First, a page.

At the British colonial office, the main answer to sticky issues of colonial responsibility was the so‐called Dual Mandate, first described and put into practice by one of the chief architects of African colonial rule, Frederick Lugard. Lugard began his African career as a soldier, helping to establish British holds on colonies like Uganda and Kenya. Later, he switched to administration and eventually wrote what became the quintessential statement on British colonial rule, Dual Mandate in British Tropical Africa
, published in 1922. The book's central contention was that Africa should be "developed," and this development, thought Lugard, would better the lives of Africans by improving education, health, and driving economic opportunities. At the same time, this development would benefit the rest of the world (meaning Europe) by bringing African goods into the world market. Africans, the theory contended, should be "civilized" while the European agents of this civilizing would gain valuable and much needed commodities to grow their industrial societies. A very similar outlook was developed in France – the so‐called la mise en valeur
, or the “enhancing the value” idea. In political terms, this meant that European colonial powers had an obligation and responsibility to Africans. They would be the trustees of Africa’s present and future. This ideal of “trusteeship” fit squarely into the spirit of the post‐ WWI Wilsonian age.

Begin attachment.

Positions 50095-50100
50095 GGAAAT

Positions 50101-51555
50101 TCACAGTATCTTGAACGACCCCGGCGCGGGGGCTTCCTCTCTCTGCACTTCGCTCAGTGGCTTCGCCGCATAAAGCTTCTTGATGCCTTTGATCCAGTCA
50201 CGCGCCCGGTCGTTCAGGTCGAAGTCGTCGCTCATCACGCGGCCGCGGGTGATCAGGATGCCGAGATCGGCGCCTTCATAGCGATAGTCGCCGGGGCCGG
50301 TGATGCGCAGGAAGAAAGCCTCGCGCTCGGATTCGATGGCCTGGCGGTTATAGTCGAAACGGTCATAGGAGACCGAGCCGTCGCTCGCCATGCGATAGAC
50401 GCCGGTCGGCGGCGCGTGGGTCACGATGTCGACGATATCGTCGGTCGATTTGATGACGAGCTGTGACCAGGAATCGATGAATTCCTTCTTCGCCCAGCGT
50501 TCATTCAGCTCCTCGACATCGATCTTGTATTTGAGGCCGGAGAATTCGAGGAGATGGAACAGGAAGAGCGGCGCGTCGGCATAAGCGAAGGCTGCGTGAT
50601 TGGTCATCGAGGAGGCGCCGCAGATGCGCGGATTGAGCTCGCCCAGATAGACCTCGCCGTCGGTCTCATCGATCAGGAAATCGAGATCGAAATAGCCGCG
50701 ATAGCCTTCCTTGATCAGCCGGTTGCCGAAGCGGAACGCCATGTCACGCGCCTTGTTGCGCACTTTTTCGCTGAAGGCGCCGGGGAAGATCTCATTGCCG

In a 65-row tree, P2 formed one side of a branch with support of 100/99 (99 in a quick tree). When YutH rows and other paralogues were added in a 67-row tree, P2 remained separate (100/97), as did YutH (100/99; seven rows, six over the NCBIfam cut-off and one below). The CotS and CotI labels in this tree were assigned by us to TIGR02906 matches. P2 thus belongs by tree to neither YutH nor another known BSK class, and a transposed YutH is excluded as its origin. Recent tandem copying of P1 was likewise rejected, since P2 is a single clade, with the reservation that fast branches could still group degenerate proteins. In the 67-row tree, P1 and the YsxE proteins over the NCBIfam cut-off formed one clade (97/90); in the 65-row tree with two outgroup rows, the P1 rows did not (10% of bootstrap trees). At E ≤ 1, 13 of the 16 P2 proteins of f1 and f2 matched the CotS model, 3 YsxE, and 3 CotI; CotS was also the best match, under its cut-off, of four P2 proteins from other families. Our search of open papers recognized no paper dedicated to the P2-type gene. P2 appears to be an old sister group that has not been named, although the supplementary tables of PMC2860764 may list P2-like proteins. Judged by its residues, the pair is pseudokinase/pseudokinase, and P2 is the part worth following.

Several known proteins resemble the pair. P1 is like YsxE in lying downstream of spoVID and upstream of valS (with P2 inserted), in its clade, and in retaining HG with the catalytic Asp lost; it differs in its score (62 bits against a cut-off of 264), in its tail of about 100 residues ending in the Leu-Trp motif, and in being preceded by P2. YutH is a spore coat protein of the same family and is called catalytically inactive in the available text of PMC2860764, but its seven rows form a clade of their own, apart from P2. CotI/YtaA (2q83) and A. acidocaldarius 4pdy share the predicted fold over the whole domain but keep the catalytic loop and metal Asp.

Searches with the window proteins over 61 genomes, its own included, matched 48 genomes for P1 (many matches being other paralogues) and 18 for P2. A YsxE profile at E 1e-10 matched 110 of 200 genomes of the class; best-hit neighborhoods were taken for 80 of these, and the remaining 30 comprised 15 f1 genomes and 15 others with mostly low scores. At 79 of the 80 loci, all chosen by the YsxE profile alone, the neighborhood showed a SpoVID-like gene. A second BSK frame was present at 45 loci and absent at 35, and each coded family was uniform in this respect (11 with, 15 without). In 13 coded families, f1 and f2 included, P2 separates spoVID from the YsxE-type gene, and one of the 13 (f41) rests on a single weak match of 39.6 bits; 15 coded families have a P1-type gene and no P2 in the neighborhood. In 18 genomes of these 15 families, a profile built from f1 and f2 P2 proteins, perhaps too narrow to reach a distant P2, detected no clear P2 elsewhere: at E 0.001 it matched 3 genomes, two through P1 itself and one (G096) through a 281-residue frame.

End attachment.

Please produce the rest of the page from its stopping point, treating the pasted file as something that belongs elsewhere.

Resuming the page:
Both Britain and France (and Belgium after it took control of the Congo in 1920) put in place systems of “indirect rule,” which was the key component proposed by Lugard in his Dual Mandate
. What did indirect rule mean, or in the French territories the politique d’association
, the “politics of association”? The idea was basically a conservative one; it said that unlike progressive or socialist theories that purported to change human behavior fundamentally (in other words to make Africans like Europeans) indirect rule would attempt to work with the traditional structures of African society. This meant that instead of European administrators building elaborate state institutions, they would but sit atop the pyramid of power as it already existed in Africa, using influence with traditional leaders to achieve their goals. One reason for this strategy was simple: it required much less manpower to administer the colonies through local chiefs and kings. On the eve of the Second World War, for example, the entire British civil service in African stood at just 1,200 people charged with overseeing diverse territories inhabited by 43 million people. In Kenya, the ratio of people per administrator stood at 19,000:1; in Nigeria, it was even more extreme: some 54,000 Africans to every British administrator.